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To calculate the staircase, it's important to take accurate measurements of the stairs. Here Christian is measuring correctly the total rise of the stairs from the bottom of the first floor to the top of the second floor.

To calculate the staircase, it’s important to take accurate measurements of the stairs. Here Christian is measuring correctly the total rise of the stairs from the bottom of the first floor to the top of the second floor.

 

As if counting stairs wasn’t tricky enough, let’s look at how to measure them. 🙂

 

Definition of stairs

Stairs are a series of steps on a stringer that lead from one level or floor to another.

A step consists of a

– tread, the top surface of a step or stair, and a

– riser, the vertical section between the treads of a staircase.

The stringer is the inclined beam that supports the steps, quasi the backbone of the stairs.

Sometimes the tread overhangs the riser to create more space for feet, this is called nosing.

 

How to measure stairs

You measure the total rise of a staircase from the bottom of the first floor to the top of the second floor.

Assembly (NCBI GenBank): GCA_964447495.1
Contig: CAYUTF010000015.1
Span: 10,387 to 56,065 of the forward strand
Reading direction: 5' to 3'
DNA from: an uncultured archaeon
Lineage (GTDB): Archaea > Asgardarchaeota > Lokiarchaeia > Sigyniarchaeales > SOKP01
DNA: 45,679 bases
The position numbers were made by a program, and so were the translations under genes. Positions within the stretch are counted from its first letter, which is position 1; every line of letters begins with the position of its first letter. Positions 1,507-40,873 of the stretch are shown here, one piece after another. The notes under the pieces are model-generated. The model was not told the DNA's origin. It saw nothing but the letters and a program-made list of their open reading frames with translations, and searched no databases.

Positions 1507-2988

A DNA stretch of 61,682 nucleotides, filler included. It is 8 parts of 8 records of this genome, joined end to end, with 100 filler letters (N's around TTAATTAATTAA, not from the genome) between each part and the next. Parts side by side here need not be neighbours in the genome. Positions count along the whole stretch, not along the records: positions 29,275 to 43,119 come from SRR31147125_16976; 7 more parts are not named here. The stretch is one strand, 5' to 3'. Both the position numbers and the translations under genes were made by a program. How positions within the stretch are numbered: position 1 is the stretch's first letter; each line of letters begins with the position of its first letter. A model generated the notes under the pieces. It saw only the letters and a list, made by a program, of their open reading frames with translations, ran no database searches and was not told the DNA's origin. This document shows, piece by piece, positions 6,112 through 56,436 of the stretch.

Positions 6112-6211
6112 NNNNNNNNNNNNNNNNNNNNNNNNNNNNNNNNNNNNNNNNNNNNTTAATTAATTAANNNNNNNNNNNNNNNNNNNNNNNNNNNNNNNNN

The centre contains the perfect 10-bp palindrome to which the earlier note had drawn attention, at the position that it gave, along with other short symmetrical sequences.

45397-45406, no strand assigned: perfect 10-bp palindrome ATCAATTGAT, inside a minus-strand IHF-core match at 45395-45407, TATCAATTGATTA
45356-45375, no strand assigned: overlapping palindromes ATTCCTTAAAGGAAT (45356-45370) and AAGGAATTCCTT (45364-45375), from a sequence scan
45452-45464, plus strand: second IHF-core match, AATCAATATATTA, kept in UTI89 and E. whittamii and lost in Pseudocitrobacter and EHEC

Note: Ensure this measurement goes to the top of the second floor, not to the bottom of it. Remember from ‘How to count stairs‘ that the staircase includes the landing, so the last step up onto the landing is the last stair to count. Accordingly the height of the stairs reaches to the top of the last stair, the last tread. It is easy to forget calculating in the last tread as it often continues into the landing and as such is not visually separated as a stair.

 

The total run is measured from the first riser to the last riser.

This is pretty straightforward and also helps when counting stairs: The number of risers is equal to the number of steps.

As you look at the staircase, each part that goes up vertically is a riser. The first riser starts on the bottom floor and connects to the first tread. The last riser starts on the second-last tread and reaches up to the top landing, which is the last tread.

Note: The nose has no impact on the total run or the tread depth. However, when you’re looking to lay carpet on your stairs, you need to calculate the nosing in.

 

 

 

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